July 12, 1925 – September 6, 2021 (age 96)
Papa, as he was known to his children, peacefully passed away in their care and in his home as he had wished early on the morning of September 6th. He will be greatly missed by his sons, José Armando and Fernando, his siblings, Milagros and Miguel Ángel, his caregiver, Lidia, and by loving family and friends dispersed throughout the Northeast, Midwest and Florida.
Born in eastern Cuba in 1925, Armando had to leave his studies at the age of 14 to help support a large family of 8 siblings. His father, José, better known as Pepe, was a telegraphist and farmer from Guantánamo who instilled a strong work ethic in his middle son. Armando would tell stories of spending laborious days tending to farm chores and then working at sugarcane plantations in his youth. In his early adult life he worked long shifts as a railway man, traveling the country and sampling the variety and richness of the people, music, food and customs of his then homeland.
In 1951 he married the love of his life, Clara, with whom he would spend the next 55 years. Theirs would be a close and loving relationship. A year later, their eldest son, José Armando was born, followed 5 years later by the youngest, Fernando. Their lives in the historic and peaceful city of Bayamo were filled with the comings and goings of countless family members and friends. That world ended for them in 1959 with the advent of the Cuban revolution and the subsequent arrival of communism.
In 1962, Armando and his family sought asylum in the United States. Carrying nothing but four small suitcases filled with clothes and a few, precious personal items, the family arrived in Miami where they would stay for only a few months before relocating to Boston, the special city they would call home for the rest of their lives.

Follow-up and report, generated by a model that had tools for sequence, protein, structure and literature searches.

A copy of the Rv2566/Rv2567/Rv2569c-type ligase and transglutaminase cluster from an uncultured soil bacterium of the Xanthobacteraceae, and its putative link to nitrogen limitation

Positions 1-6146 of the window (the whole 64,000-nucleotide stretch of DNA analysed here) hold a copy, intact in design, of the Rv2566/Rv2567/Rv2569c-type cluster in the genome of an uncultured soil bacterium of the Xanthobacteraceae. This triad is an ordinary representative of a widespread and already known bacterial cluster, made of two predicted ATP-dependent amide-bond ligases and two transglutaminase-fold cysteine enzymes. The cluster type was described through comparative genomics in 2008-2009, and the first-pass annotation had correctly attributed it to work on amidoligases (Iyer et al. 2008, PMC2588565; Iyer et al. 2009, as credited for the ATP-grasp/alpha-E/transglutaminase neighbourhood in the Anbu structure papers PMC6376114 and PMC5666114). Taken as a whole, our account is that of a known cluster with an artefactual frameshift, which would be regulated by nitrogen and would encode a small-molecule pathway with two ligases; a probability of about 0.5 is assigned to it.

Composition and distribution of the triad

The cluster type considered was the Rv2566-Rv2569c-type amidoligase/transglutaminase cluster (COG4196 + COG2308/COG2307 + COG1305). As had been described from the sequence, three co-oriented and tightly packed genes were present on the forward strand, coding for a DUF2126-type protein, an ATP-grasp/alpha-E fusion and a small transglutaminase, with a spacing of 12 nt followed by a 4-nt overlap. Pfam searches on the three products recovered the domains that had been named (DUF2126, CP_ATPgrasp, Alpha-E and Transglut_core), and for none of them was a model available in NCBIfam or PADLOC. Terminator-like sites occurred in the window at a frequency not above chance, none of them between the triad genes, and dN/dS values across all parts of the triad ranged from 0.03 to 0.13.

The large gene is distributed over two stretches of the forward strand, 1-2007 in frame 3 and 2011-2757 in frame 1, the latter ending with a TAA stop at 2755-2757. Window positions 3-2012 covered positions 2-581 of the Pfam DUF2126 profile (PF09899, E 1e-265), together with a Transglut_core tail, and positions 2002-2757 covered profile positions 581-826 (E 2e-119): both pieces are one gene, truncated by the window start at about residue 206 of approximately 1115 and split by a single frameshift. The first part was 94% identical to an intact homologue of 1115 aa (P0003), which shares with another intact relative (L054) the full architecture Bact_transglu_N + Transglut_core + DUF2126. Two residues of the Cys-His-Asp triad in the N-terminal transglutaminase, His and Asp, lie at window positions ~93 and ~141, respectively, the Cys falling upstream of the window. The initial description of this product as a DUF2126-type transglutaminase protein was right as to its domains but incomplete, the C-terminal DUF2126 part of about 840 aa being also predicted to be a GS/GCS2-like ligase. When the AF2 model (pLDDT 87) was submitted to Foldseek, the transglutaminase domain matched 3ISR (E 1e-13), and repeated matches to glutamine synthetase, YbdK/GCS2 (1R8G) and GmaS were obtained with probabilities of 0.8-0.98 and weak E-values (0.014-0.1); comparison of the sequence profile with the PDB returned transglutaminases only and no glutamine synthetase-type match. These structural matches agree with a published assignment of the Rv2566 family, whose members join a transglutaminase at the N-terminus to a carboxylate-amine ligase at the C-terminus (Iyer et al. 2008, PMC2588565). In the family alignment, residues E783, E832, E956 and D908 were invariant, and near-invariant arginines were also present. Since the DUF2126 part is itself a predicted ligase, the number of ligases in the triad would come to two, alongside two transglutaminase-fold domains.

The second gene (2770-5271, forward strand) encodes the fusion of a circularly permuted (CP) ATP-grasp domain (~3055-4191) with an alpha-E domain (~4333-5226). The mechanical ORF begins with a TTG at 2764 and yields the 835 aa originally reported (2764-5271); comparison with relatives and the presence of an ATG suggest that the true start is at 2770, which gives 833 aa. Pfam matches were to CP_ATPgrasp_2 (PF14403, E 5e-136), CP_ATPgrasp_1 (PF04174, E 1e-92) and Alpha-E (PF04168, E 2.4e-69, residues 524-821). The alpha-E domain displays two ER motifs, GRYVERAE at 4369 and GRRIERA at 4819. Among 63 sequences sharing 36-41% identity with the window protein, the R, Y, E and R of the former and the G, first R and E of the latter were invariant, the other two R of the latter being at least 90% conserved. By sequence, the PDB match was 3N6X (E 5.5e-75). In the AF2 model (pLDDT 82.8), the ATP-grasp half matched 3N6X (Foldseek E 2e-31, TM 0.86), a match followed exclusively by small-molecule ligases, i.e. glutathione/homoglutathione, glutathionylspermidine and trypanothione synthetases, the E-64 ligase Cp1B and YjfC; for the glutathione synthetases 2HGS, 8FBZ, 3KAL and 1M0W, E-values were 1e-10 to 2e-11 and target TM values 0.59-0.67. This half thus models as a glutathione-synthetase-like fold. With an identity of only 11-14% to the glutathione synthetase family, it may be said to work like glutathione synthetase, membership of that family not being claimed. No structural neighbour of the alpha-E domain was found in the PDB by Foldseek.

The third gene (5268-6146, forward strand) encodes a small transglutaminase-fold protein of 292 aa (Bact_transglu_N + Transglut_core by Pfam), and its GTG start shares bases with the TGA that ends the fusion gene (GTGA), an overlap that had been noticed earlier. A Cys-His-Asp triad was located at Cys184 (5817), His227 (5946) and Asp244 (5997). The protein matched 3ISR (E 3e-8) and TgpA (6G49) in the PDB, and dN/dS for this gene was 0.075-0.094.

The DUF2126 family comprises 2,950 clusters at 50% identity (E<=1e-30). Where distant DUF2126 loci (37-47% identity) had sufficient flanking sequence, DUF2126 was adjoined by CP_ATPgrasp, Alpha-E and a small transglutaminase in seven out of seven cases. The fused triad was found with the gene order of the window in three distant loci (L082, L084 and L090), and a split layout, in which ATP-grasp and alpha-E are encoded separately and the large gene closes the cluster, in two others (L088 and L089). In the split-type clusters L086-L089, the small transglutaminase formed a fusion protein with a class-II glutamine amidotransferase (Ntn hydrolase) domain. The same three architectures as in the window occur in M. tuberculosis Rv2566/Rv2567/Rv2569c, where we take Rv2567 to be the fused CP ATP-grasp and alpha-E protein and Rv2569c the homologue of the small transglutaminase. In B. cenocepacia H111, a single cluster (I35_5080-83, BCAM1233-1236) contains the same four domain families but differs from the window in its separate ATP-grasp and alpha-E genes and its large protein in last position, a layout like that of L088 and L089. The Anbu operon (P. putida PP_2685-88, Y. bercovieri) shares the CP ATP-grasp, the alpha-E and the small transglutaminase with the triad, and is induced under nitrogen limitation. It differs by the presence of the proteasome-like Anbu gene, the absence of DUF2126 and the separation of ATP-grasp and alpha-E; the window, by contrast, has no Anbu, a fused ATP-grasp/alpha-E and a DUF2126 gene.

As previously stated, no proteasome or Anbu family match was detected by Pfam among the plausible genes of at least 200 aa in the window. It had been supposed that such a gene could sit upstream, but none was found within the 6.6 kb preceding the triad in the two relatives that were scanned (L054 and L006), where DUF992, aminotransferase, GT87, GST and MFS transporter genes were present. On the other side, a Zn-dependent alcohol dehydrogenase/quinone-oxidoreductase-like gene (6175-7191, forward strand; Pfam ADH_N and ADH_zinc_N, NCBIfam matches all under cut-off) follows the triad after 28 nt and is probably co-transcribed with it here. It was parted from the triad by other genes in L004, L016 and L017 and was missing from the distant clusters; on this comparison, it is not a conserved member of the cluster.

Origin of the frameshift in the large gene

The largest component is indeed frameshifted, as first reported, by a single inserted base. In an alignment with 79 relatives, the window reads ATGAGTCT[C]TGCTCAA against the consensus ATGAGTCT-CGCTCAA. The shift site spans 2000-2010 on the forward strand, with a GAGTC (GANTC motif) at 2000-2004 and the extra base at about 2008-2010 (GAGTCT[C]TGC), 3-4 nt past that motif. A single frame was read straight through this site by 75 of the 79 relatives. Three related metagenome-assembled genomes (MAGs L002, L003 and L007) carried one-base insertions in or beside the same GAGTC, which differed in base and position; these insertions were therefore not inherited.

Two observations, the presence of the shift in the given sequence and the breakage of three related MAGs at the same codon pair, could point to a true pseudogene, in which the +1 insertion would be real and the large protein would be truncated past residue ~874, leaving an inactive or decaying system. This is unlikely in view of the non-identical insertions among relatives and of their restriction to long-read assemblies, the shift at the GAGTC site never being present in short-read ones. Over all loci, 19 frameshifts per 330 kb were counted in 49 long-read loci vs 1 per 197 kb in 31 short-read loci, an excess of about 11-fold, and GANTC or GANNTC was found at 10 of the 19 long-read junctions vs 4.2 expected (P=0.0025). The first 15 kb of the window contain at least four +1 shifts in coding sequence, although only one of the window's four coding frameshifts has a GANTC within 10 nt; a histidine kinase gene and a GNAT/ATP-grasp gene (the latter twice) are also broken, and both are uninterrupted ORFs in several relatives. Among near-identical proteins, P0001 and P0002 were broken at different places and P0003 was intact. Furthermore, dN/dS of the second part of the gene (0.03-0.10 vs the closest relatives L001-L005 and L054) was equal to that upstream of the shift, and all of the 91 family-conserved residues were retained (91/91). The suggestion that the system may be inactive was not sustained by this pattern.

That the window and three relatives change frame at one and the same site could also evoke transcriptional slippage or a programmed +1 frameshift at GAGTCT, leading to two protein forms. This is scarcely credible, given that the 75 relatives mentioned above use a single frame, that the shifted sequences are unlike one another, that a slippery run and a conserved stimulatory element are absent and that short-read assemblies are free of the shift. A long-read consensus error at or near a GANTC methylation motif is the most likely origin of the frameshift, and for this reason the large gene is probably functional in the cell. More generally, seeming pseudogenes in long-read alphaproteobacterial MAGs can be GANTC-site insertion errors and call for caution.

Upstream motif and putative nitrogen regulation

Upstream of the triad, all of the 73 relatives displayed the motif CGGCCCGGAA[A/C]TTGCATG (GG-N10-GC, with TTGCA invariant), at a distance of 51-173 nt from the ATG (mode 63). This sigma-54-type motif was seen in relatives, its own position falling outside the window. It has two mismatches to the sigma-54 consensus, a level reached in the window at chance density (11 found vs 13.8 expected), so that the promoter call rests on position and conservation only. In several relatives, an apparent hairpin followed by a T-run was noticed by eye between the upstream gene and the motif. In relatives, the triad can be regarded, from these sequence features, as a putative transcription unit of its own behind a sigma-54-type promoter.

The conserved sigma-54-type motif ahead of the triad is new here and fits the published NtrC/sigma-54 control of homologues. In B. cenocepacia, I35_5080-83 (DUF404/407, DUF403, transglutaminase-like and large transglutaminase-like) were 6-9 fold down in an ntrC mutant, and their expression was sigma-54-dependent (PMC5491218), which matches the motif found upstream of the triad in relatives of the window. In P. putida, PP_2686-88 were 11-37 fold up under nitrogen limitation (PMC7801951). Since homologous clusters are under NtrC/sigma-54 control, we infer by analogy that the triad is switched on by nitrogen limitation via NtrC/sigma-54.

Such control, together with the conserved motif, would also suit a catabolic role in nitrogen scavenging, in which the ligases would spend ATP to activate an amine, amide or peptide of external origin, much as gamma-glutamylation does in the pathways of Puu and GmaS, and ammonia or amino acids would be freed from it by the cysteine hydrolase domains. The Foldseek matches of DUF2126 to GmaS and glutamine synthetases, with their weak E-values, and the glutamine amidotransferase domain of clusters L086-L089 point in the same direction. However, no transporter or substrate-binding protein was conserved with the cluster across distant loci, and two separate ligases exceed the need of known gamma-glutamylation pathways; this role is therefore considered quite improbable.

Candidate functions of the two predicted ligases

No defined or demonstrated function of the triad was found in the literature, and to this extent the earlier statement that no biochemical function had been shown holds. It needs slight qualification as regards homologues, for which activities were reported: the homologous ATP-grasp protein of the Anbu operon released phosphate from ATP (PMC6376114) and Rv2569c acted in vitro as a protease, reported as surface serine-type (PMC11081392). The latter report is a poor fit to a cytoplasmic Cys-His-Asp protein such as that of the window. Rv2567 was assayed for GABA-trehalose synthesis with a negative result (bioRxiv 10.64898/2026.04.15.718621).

To provide for his family and ensure a better life for his two children, Armando worked at several jobs after arriving in the U.S. He manufactured rubber heels for shoes, cut meat at a butchery, worked at a confectionery plant, and ultimately retired from Sears Roebuck where he had been a warehouseman for 17 years.
Despite the many hardships and challenges of navigating a world entirely different from the one they had left behind in Cuba, the family prospered. Clara retired from her work as a Central Supply Technician at the Boston Hospital for Women. She and Armando were the proudest of parents when they witnessed the college graduations of both their sons, a dream for which they had worked hard to make a reality.
Armando was a firm believer that having an education was at the heart of having a successful life. He was an avid reader and well-informed conversationalist on virtually any topic. One of his first major purchases after settling the family in Boston was the 30-volume set of The Encyclopedia Americana, which he pored over nightly for years and used as a tool for learning English. He had eclectic tastes in literature and the arts and his sons have memories of being taken on frequent visits to the Museum of Fine Arts to appreciate the wonders of the world showcased there. He enjoyed listening to music from his extensive record collection and was known to occasionally grab Clara by the hand to dance an impromptu rumba.
Although Cuban-born and raised, Armando loved and felt very strongly about his new homeland. He would be forever grateful for the opportunities it gave him and his family. He proudly became an American citizen in 1974 and would often declare, “This is the greatest country in the world. Here, anything is truly possible.”
His spirit will live on in the hearts and memories of family and friends. A favorite quote of his by George Santayana captures it well, “La vida no se ha hecho para comprenderla, sino para vivirla” / Life has not been made to understand it, but to live it.”
Services will be conducted privately at a future date.
Donations can be made to Good Shepherd Community Care at :
Good Shepherd Community Care
160 Wells Avenue
Newton, MA 02459
To send flowers to Armando's family, please visit our floral store.